Yesterday we ended the books of Kings with the people of Judah being carried away as captives to Babylon. The Chronicles comes next in Scripture (originally First and Second Chronicles were one book), because it was written after the Babylonian captivity was over. The purpose of the Chronicles was to bring God’s people back to their spiritual roots. It begins with Adam, the first human being, and traces the line of God’s people through Abraham and the twelve tribes of Israel. The rest of First Chronicles focuses on King David and duplicates some material from the books of Samuel and Kings. God’s people needed to be reminded where they came from.
Today’s chapter highlights King David’s love and commitment to God, but it also reveals God’s love and commitment to David. It contains what is known as the “Davidic Covenant”, one of the most theologically significant, far-reaching passages in the Bible.
After David had built his new palace in Jerusalem, he called in the prophet Nathan to propose an idea that revealed the good heart of the king. The Ark of the Covenant, the symbol of God’s presence that had travelled with the people since the days of Moses, had made its final move to its permanent location in Jerusalem. But when David compared his own new home of stone and cedar to the tent that housed the Ark, it just didn’t seem right. Nathan immediately affirmed David’s desire to build a temple for the Lord and encouraged him to proceed with the Lord’s blessings. But Nathan spoke too soon — God had another plan.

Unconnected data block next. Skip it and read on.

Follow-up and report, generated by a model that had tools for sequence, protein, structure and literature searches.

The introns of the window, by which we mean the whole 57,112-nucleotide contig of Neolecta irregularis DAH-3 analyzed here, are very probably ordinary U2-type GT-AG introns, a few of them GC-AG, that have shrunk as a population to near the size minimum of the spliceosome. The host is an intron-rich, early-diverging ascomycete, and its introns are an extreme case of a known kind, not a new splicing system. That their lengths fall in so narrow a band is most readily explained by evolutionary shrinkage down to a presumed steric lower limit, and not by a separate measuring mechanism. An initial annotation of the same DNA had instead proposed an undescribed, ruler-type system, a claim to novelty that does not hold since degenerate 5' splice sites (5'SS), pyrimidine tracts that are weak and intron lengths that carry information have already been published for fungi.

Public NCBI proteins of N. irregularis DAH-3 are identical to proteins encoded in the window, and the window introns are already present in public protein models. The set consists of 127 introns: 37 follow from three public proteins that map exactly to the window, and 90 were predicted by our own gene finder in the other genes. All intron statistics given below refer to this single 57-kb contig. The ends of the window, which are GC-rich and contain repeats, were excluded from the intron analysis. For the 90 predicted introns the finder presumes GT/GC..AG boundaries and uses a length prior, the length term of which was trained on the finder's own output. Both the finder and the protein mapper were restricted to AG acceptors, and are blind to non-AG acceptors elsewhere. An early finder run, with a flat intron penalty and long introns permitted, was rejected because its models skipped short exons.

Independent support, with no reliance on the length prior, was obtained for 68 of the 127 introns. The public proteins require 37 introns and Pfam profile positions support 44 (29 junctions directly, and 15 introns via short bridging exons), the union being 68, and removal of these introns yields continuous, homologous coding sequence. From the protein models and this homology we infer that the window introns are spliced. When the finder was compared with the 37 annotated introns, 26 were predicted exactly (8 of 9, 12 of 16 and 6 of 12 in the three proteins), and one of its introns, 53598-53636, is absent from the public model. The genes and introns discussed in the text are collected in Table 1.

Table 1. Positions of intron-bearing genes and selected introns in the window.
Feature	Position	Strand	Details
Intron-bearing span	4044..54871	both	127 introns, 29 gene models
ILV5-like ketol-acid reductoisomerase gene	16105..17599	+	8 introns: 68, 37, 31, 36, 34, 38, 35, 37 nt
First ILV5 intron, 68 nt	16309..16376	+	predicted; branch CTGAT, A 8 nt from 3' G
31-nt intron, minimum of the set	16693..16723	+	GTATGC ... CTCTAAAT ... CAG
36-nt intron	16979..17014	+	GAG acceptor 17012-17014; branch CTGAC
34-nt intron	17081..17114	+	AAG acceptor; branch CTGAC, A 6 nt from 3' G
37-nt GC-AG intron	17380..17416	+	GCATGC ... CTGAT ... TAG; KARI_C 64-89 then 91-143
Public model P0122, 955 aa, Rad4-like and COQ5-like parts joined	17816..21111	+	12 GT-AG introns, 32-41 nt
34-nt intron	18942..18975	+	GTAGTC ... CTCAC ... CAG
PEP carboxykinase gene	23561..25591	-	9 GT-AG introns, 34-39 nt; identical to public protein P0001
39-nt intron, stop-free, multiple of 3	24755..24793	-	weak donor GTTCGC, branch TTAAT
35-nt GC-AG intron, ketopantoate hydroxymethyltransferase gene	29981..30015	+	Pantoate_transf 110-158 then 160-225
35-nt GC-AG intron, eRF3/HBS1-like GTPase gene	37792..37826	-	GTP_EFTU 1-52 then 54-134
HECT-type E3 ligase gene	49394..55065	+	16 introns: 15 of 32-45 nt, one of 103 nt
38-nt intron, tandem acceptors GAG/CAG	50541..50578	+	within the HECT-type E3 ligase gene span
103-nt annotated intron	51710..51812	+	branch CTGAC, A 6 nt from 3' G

In a nighttime vision to the prophet, God gave a life-changing message to the king. The crux of the prophecy was that David wanted to build a house for God, but instead God would build a “house” — an eternal dynasty — for David (v.10). There was a reason beyond David’s own lifetime for the meteoric rise of the shepherd-king and the unprecedented blessings on his leadership (v.7): the descendants of David would rule forever.
This magnificent promise should be understood on two levels. First, Israel’s history affirms that David’s family, beginning with his son Solomon, became a dynasty that reigned for many years. After Nathan passed God’s promise on to him, David received it by faith, as demonstrated by his beautiful prayer of gratitude in verses 16-27. But on another (more important) level, this promise would be fulfilled in Jesus Christ, the saving king of Israel and all the world. Whether David was completely aware of this long-range fulfillment of the promise, I do not know — but the early Christian community of the New Testament certainly was. Taking their cue from Jesus, they understood God’s promise to David to extend far beyond the rule of his physical offspring and into the realm of the spiritual reign of the Messiah. A careful reading of verses 11-14 with Jesus in mind will bring these important truths to light:
Jesus’ earthly parents were descendants of David (v.11).
Jesus did build a “house” for His Father, the church (v.12; see Matthew 16:18 and Ephesians 2:19-22).
Jesus was indeed the Son of God, conceived without the involvement of an earthly father (v.13).
Jesus currently reigns as Lord of all, the eternal King of an eternal kingdom (v.14).
Like David, stop and pray a prayer of thanksgiving for God’s promise that was (and is) fulfilled in Christ (v.16-27). Thank Him for the grace He has shown you in salvation. Pray a prayer of fresh surrender to the rule of King Jesus in your life. With a sense of wonder at the grace of God, David asked, “Who am I…that you have brought me thus far?” Treat yourself to this classic song inspired by David’s prayer and marvel at the grace of God that found you.